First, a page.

The most crucial questions on the polygraph examination, or “Control Question Test,” are the control questions and relevant questions. The control questions are garnered from the suspect by asking him an innocuous question which could not be truthfully denied. For example, “Have you ever thought of hurting someone?” or “Have you ever lied to anyone?” The responses to the control questions will elicit some degree of autonomic activity which can then serve as a baseline for which to compare subsequent questions. The relevant questions pertain to the actual investigation at hand. The magnitude of responses to relevant questions and control questions as compared with the irrelevant questions is then interpreted, in a non-blinded manner, by the examiner. The assumption is, that if you are prevaricating, the relevant questions will cause a greater response than the control questions. So if the question “Have you ever been late for an appointment?” (control question) elicits less of an emotive response on the polygraph equipment than “Did you murder and rape your girlfriend?” (relevant question) you have failed the test. And, according to the American Polygraph Association (APA) you are lying. Assuming the subject is innocent, it is fairly obvious that he would respond with more emotional autonomic activity to a question regarding a recently deceased loved one than he would an inquiry about punctuality. Obvious to everyone, that is, but the APA.
The APA is a professional organization for polygraph examiners who have complete faith in the accuracy of the test. They have their own trade journalPolygraph in which they report scientifically worthless studies and brandish anecdotes of the wonders of their trade. The majority of these members can pride themselves on completing a 6 week to 6 month post- high school training course in the art of polygraphy. They have no formal training in medicine, psychology, physiology, or behavior; the very disciplines on which the testing is based. The majority of them cater to the legal system wherein their economic livelihood depends.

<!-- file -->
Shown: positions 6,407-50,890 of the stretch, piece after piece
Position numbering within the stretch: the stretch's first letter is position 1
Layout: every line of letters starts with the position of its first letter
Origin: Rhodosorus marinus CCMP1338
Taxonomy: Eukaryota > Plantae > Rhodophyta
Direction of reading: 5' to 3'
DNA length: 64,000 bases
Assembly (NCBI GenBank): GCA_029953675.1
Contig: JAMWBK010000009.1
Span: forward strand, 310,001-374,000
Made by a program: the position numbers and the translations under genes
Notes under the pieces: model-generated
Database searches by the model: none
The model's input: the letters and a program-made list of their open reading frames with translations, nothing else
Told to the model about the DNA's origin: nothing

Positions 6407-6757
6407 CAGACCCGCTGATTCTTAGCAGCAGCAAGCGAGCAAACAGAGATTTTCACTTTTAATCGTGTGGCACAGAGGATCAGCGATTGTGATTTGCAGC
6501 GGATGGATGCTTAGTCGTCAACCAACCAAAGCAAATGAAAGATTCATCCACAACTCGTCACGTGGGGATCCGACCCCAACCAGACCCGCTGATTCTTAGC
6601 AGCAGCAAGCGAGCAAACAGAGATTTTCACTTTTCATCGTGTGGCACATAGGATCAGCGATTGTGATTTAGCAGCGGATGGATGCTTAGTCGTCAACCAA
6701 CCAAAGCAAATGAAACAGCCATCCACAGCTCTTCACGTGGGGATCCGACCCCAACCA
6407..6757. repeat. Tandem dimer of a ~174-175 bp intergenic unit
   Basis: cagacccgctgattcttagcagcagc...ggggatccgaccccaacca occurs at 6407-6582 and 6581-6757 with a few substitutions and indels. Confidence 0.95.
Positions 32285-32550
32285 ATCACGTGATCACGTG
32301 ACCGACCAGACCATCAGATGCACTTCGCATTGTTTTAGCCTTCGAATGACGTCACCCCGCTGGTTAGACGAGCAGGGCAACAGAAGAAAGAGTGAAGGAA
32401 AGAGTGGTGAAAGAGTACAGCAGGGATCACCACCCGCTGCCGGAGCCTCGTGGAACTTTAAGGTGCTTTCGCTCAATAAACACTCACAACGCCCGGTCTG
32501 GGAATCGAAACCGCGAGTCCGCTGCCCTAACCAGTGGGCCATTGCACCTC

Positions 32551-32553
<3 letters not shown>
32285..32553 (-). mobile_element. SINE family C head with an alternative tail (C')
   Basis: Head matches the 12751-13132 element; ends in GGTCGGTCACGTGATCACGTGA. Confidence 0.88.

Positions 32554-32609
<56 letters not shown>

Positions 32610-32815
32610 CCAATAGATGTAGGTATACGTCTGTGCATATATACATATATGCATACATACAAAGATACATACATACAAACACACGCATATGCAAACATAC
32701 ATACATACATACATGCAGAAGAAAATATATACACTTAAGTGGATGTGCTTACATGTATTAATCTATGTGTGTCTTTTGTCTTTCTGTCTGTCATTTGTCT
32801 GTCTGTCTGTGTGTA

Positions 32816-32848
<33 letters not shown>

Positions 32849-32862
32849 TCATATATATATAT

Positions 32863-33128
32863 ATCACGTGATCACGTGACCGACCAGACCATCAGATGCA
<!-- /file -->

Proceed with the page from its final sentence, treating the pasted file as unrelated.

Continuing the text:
Since they are primarily paid to identify guilty suspects, motivational factors may play a part in their eagerness to find the guilty suspect. (Kleinmuntz, 1987)
The accuracy of any test is determined by that test’s sensitivity (ability to find a positive) and specificity (ability to find a negative). A polygraph examiner will ardently tell you that the exam has somewhere in the neighborhood of a 95% sensitivity rate. This means that if 100 guilty suspects are given a polygraph exam, 95 of them will be detected through the test. Only five of the 100 will be a false negative and not be detected by this miraculous method. Likewise they will claim a similar specificity rate, and state that if you are telling the truth then you have almost a 100% chance of being cleared by the test. John Reid, the inventor of the Control Question Test claimed 99% accuracy. (Reid and Inbau, 1977)